is part of the Division of Informa PLC

This site is operated by a business or businesses owned by Informa PLC and all copyright resides with them. Informa PLC's registered office is 5 Howick Place, London SW1P 1WG. Registered in England and Wales. Number 8860726.

  • American Agriculturist
  • Beef Producer
  • Corn and Soybean Digest
  • Dakota Farmer
  • Delta Farm Press
  • Farm Futures
  • Farm Industry news
  • Indiana Prairie Farmer
  • Kansas Farmer
  • Michigan Farmer
  • Missouri Ruralist
  • Nebraska Farmer
  • Ohio Farmer
  • Prairie Farmer
  • Southeast Farm Press
  • Southwest Farm Press
  • The Farmer
  • Wallaces Farmer
  • Western Farm Press
  • Western Farmer Stockman
  • Wisconsin Agriculturist

Nutrient Master Class: The quest for 300-bushel corn

Fred Below, University of Illinois plant physiologist and innovator in his quest to achieve the elusive 300-bushel corn, enlightened the crowd with his presentation on “The Quest for 300 bushel corn.”

Before he launched into his Seven wonders of the corn world, he talked about the crucial prerequisites to an optimized corn crop – proper drainage, pest and weed control, and proper soil pH with adequate P & K based on soil tests.

His 7 wonders of the corn world:

1.     Weather – value is 70+ bushels/acre.

2.     Nitrogen – 70 bu/acre.

3.     Hybrid – 50 bu/acre.

4.     Previous crop – 25 bu/acre.

5.     Plant population – 20 bu/acre.

6.     Tillage – 15 bu/acre.

7.     Growth regulators – 10 bu/acre.

Below encouraged growers to optimize each of the seven wonders and their positive interactions. The audience was facinated by the N, P and micronutrient uptake at different growth stages, as well as what amounts went into different parts of the plant. He also compared the results of a traditional corn management system with a high tech package over the last few years in Illinois.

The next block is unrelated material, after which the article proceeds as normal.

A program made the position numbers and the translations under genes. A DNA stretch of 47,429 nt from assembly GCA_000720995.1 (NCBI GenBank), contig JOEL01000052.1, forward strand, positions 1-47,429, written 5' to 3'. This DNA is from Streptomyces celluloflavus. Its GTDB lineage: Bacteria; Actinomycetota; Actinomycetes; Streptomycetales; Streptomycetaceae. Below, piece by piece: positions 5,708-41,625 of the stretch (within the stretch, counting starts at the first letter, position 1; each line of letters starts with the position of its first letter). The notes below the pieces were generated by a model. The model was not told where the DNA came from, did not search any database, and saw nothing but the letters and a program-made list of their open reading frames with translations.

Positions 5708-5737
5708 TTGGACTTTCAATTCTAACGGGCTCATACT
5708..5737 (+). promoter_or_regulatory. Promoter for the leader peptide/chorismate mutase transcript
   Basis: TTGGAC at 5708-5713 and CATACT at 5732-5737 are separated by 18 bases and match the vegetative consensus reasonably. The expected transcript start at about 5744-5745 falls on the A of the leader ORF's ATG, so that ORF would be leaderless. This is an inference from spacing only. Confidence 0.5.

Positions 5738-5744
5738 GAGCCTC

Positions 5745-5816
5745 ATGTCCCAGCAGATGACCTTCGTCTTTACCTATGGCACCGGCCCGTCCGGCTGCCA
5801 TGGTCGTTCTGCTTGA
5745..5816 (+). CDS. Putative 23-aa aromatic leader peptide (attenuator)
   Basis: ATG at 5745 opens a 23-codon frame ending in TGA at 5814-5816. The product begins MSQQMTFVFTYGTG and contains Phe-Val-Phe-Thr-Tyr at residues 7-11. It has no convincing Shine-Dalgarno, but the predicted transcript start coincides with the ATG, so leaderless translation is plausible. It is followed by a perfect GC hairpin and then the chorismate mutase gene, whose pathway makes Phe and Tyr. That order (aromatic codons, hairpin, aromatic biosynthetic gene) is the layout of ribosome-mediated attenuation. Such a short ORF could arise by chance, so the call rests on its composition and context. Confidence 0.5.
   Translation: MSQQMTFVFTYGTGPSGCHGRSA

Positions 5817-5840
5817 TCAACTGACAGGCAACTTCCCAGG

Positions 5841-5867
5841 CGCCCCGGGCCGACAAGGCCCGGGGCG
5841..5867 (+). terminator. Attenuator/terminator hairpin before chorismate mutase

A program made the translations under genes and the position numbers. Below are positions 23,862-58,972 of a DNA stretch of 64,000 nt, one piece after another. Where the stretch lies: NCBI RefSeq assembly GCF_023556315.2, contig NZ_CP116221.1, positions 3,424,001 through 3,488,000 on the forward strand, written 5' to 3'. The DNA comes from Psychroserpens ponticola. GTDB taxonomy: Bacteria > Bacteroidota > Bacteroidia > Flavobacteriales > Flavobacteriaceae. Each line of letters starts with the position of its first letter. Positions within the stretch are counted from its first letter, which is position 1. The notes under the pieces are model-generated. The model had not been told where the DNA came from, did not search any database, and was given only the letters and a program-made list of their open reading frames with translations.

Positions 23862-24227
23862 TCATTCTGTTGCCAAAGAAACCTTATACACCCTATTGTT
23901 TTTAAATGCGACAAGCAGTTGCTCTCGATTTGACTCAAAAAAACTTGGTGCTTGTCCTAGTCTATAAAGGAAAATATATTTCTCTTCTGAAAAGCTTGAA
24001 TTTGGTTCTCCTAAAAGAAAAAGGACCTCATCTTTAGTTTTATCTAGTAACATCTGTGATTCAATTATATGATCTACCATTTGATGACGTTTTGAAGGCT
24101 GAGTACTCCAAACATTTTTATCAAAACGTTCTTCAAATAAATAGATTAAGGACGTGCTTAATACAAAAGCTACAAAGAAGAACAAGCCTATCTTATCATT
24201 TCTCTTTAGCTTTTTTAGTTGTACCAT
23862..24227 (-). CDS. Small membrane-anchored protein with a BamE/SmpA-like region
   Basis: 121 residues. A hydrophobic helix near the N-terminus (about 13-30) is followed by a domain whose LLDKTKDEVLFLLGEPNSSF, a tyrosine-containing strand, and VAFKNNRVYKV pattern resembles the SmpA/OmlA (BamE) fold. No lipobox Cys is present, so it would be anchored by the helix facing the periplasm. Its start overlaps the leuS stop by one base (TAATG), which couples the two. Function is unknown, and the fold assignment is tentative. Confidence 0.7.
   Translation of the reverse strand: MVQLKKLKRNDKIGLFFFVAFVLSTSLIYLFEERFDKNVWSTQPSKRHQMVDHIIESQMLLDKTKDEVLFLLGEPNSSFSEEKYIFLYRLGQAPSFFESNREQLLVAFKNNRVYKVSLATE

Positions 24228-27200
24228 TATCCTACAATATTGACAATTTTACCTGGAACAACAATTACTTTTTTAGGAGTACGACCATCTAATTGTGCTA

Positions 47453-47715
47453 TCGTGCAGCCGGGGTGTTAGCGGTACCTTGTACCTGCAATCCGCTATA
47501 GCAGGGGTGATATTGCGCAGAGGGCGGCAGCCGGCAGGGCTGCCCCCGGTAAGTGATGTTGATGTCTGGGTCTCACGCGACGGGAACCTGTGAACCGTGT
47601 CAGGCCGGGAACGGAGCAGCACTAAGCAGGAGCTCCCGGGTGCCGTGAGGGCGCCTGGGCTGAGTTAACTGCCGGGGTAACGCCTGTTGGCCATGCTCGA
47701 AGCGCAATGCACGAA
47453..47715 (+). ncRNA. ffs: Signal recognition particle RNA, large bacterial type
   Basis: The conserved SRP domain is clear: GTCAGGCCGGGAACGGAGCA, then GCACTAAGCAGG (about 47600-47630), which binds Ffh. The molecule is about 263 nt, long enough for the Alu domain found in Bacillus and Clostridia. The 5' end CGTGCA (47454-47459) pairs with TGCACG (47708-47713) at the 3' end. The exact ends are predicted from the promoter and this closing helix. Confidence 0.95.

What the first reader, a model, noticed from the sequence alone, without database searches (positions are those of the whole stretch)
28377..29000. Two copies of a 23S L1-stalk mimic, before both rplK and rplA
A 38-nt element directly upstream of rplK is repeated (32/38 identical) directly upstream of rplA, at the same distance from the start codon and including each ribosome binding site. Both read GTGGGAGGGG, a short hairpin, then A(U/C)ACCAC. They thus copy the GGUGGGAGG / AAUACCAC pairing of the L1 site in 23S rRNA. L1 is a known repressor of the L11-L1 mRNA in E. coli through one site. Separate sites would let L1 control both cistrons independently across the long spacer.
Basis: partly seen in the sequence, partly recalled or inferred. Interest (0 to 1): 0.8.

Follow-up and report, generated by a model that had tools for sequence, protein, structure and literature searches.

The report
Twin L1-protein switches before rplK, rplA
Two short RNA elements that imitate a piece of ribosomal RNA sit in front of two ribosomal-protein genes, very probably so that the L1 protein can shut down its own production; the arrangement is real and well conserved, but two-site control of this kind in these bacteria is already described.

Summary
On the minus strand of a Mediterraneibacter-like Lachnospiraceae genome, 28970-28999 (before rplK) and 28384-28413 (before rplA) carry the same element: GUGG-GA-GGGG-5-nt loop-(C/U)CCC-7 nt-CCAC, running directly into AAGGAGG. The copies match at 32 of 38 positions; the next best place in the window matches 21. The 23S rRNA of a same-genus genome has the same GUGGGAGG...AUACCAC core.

He concluded by emphasizing a systems approach is needed that combines individual practices known to impact productivity. High yield must be planned from the beginning because the weather drives yields. And increasing plant population may be the foundation for pushing higher corn yields, but higher populations must be managed with the proper hybrid, fed with the right balance of nutrients and protected from stresses.

To learn more, view his presentation (pdf).

TAGS: Corn
Hide comments


  • Allowed HTML tags: <em> <strong> <blockquote> <br> <p>

Plain text

  • No HTML tags allowed.
  • Web page addresses and e-mail addresses turn into links automatically.
  • Lines and paragraphs break automatically.